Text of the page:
FitBit too bulky? Why not glue a sensor array to your skin?
The quantified self goes nanoscale with a stick-on silicon electrode network that could not only change the way we measure health metrics, but could enable a new form of user interface. And the researchers behind it aim to have the device available in the next few weeks through a spinoff company, MC10.
The development takes wearable technology to the extreme, designed as a non-invasive diagnostic sensor that could be used to measure hydration, activity, and even infant temperature. It bonds to the skin, somewhat like a temporary tattoo, flexing and bending in sync with your skin the way you wish a Band-Aid would. How? Researchers at the University of Illinois, Dalian University of Technology in China, and the University of California at San Diego made it really, really small.
With a thickness of 0.8 micrometers at the widest — around one-thousandth the diameter of a human hair — the thin mesh of silicon actually nestles in to the grooves and creases in your skin, even the ones too small to see. Being small helps, but it’s also important that the silicon is laid out in a serpentine pattern and bonded to a soft rubber substrate, allowing the stiff material to flex, a little bit like an accordion.
In January, I attended the World Economic Forum in Davos, Switzerland.
Much of the talk among economists and business leaders focused on austerity, inequality, and other anxiety inducers. There was, however, a set of more optimistic conversations going on that can be summed up in three vowels: IoE, or the Internet of Everything.
Networking giant Cisco Systems estimates that in 2000 there were about 200 million "things," mostly computers, connected via the Internet. Now the number is about 10 billion, from smartphones to climate-control systems to sensors on truck pallets.
As cloud storage, mobile computing, and data analysis expand, Cisco CEO John Chambers argued at Davos, we'll experience an even bigger transition in how many "things" are connected to the Internet -- nearly everything -- and in how they work.
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Kirill Tatarinov’s keynote this morning at Microsoft’s Convergence 2013 marks a subtle, yet very significant shift in how this technology leader is marketing itself to partners and the outside world. They are humanizing their marketing, messaging...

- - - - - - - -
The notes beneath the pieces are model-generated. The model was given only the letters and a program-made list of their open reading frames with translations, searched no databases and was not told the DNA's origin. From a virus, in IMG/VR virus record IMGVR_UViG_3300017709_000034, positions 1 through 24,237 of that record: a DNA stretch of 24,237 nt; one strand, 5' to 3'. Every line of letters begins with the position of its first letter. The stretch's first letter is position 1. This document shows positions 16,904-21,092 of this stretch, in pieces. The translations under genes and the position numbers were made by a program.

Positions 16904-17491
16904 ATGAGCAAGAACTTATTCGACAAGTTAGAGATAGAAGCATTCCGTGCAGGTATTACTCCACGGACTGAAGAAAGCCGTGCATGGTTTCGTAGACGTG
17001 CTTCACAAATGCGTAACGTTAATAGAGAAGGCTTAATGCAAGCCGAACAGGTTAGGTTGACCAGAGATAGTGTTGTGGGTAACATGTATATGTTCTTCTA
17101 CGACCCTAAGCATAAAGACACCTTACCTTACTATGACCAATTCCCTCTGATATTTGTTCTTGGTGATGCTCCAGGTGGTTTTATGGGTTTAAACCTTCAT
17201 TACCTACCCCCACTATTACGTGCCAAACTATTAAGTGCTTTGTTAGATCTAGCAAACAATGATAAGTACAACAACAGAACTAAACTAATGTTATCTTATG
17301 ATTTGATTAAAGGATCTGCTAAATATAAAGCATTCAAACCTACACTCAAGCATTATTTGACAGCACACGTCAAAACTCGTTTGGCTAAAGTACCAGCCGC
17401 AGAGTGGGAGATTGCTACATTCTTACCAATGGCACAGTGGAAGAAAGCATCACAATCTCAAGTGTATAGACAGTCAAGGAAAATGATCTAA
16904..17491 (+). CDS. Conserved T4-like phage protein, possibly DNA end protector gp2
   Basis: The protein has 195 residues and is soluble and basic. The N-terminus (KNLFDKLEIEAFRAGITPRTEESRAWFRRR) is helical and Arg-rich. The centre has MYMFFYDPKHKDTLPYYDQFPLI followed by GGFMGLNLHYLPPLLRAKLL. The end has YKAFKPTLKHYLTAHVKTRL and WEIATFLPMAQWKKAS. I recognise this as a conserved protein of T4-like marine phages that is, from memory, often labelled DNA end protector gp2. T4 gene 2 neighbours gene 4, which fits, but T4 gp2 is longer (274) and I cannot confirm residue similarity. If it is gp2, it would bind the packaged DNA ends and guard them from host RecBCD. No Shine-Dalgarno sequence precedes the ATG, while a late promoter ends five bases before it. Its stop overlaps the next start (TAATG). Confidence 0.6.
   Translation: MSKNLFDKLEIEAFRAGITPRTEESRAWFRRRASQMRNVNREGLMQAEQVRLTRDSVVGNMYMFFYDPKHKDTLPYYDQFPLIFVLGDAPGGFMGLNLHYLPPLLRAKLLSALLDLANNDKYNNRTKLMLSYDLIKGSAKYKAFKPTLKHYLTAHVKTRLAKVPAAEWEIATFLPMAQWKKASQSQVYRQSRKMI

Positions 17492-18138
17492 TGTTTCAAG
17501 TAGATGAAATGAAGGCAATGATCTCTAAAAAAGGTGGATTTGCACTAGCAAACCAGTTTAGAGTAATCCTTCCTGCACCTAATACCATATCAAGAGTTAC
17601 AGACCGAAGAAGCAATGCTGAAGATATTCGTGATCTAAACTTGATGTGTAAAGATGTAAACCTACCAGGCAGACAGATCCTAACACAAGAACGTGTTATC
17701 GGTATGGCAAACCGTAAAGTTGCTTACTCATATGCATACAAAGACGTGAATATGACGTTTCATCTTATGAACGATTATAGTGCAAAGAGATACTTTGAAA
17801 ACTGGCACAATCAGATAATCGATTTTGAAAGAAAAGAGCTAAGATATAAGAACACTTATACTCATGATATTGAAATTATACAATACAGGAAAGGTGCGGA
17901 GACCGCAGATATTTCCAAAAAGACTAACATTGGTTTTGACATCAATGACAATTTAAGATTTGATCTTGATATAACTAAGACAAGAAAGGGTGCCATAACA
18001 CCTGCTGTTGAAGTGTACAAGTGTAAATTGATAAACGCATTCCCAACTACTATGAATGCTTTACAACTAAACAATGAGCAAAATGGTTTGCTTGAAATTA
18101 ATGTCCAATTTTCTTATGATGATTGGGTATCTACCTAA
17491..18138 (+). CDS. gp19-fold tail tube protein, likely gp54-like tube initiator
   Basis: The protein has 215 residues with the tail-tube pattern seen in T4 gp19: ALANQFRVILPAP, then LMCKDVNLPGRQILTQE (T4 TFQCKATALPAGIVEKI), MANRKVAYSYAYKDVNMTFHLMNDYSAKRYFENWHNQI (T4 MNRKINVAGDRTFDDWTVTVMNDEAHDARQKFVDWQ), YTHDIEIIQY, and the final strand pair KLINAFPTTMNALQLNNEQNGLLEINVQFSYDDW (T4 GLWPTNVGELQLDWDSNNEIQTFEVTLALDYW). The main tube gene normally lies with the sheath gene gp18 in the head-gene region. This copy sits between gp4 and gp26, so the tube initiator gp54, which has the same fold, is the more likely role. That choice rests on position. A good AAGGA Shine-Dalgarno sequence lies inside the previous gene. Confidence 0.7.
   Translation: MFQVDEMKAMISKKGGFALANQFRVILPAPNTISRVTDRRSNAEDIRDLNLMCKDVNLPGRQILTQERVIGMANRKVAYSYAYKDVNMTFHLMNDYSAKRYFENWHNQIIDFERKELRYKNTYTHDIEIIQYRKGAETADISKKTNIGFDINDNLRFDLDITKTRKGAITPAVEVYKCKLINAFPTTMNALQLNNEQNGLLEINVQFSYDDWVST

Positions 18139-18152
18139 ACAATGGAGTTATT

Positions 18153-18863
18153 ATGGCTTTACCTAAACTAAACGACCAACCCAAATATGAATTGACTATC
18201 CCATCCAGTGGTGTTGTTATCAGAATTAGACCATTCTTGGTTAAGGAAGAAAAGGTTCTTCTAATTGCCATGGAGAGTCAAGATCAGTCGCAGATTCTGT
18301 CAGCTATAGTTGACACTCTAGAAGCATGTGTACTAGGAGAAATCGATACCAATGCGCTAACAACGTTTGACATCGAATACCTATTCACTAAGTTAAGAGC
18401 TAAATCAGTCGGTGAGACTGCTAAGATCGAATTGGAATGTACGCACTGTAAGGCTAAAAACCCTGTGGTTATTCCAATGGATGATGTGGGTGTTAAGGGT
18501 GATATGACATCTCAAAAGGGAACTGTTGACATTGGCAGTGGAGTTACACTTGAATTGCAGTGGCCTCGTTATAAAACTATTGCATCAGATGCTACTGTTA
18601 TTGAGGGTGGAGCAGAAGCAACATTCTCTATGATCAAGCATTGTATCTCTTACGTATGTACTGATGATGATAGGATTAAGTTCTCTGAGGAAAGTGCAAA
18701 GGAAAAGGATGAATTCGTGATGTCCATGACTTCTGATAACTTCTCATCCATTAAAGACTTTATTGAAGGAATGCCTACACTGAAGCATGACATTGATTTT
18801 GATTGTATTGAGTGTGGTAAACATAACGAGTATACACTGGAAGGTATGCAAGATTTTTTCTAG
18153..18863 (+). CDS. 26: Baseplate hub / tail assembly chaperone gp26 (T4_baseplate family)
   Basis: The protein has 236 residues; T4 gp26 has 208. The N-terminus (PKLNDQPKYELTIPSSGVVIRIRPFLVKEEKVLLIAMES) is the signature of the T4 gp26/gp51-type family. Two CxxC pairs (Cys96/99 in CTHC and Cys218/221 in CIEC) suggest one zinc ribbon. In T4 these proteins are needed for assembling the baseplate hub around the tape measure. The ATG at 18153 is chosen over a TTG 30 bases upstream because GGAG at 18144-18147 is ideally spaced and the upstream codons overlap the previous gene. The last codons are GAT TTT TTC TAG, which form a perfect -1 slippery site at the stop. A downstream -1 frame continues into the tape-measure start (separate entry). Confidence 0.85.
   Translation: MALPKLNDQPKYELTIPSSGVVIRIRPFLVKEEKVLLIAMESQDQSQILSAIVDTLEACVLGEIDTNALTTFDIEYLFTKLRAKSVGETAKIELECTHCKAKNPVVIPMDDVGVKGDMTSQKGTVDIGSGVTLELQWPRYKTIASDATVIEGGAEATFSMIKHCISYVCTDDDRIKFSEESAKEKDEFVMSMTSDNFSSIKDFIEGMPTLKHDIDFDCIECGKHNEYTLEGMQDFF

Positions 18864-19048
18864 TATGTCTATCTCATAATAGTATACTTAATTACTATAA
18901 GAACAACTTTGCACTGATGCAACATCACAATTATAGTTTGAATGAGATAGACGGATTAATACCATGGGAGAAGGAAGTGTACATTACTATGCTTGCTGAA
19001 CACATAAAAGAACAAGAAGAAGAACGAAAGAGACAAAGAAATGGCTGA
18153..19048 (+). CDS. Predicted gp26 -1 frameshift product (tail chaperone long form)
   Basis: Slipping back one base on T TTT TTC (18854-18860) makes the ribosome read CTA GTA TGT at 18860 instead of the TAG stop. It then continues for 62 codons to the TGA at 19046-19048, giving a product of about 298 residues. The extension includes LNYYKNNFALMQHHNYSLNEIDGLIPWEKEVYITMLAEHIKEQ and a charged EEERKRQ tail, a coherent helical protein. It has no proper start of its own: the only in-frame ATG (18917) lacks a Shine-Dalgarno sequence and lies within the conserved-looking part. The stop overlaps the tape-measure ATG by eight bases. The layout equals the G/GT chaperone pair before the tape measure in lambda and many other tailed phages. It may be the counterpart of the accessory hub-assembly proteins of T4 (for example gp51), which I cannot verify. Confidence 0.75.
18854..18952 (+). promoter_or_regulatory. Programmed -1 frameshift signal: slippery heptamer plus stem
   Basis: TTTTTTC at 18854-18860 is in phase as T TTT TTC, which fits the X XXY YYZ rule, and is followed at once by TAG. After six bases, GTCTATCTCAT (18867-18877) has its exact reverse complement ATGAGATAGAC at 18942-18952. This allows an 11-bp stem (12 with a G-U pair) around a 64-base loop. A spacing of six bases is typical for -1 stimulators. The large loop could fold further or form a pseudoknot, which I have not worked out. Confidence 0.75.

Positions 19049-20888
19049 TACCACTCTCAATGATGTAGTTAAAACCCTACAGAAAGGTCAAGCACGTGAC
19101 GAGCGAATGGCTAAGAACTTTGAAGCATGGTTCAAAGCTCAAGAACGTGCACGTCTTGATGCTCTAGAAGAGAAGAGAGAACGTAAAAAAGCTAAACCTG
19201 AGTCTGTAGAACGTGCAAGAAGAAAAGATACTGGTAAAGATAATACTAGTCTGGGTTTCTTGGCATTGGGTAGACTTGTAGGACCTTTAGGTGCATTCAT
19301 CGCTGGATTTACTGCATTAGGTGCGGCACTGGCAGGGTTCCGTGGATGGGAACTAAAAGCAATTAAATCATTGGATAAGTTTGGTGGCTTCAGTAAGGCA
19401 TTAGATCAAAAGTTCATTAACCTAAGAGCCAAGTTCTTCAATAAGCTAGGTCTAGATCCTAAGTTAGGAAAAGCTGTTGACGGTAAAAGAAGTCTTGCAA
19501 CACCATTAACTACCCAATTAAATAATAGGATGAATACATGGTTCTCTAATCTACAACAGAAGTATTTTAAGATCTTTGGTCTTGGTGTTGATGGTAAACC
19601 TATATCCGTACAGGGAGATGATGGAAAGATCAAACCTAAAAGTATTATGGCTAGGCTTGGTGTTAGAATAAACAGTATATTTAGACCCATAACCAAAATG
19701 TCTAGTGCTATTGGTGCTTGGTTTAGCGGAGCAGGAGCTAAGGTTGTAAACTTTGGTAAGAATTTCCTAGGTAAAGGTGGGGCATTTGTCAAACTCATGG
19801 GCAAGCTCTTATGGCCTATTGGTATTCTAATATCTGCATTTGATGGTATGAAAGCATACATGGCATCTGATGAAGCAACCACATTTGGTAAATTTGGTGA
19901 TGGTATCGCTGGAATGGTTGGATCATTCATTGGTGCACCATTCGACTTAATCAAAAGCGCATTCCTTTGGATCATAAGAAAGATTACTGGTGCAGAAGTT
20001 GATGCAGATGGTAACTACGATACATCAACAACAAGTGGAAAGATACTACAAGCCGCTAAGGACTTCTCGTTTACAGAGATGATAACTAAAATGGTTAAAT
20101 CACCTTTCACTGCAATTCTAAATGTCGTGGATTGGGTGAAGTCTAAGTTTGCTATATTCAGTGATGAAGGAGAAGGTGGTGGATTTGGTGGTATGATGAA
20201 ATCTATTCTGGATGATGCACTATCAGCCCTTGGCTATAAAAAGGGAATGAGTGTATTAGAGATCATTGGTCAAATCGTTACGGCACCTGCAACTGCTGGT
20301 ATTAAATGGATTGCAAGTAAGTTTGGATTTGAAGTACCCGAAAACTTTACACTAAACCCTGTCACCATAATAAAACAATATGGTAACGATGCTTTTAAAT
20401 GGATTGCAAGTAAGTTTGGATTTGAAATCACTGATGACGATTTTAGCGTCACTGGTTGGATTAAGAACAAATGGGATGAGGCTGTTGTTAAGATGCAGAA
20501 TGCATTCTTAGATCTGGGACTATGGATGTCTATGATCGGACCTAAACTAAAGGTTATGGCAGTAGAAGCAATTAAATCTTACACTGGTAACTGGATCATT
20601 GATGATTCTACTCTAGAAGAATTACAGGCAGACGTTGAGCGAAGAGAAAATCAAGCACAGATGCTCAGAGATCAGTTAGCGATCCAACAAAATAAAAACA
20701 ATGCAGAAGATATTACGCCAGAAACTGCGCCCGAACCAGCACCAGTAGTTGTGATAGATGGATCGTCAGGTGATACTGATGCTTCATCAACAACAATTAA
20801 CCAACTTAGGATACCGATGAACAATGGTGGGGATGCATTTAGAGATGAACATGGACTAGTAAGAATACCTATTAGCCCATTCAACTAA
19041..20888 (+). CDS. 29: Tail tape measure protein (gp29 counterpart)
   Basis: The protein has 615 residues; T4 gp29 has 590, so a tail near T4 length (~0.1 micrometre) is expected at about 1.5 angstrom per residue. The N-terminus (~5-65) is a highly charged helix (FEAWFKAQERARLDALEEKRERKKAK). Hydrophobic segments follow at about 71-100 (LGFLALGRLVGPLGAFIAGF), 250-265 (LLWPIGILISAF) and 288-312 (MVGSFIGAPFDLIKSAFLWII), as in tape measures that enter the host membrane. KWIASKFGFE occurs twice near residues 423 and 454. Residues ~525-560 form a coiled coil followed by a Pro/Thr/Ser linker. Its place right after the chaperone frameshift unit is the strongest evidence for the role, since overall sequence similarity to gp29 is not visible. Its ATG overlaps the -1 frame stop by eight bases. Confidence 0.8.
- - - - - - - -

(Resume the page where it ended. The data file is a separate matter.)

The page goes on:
Like a business program or start-up, it is meant to accelerate the successful development of 3D technology and virtual worlds for the Fashion designers. The goal is to provide the stylists with 3D design, virtual simulation and ...
Bill Laberis, Editorial Editor for Enterprise CIO Forum, recently posted a video called “Cloud-enable your mobile strategy.” I believe these two technology trends, mobile and cloud, will fundamentally change computing over the next ten years.
You might think that as one of the world's top oil producing nations, the United Arab Emirates would have little use for solar energy. But that hasn't stopped the Middle East state from unveiling the largest concentrated solar power plant in operation anywhere in the world.
The 100-megawatt solar-thermal project in Abu Dhabi will power thousands of homes in the country and, it is hoped, displace approximately 175,000 tons of CO2 per year.
Digital fabrication will change the course of the future
"Digital fabrication will allow individuals to design and produce tangible objects on demand, wherever and whenever they need them."
Three-dimensional printers are already old hat to the professor. "The revolution," he writes, "is ... the ability to turn data into things and things into data. ... Scientists in a number of labs (including mine) are now working on the real thing, developing processes that can place individual atoms and molecules into any structure they want.
Unlike 3-D printers today, these will be able to build complete functional systems at once, with no need for parts to be assembled. The aim is to not only to produce parts for a drone, for example, but build a complete vehicle that can fly straight out of the printer. ...
This is awsom, infact I can see how the Virtual Worlds (VW) can be actually playing an important role in our recent future. Eg some times being at specific and time may cause a lack of productivity. VW actually can issue solves. Similar idea was interduced by Bruce Wills in the movie of Surrogates.
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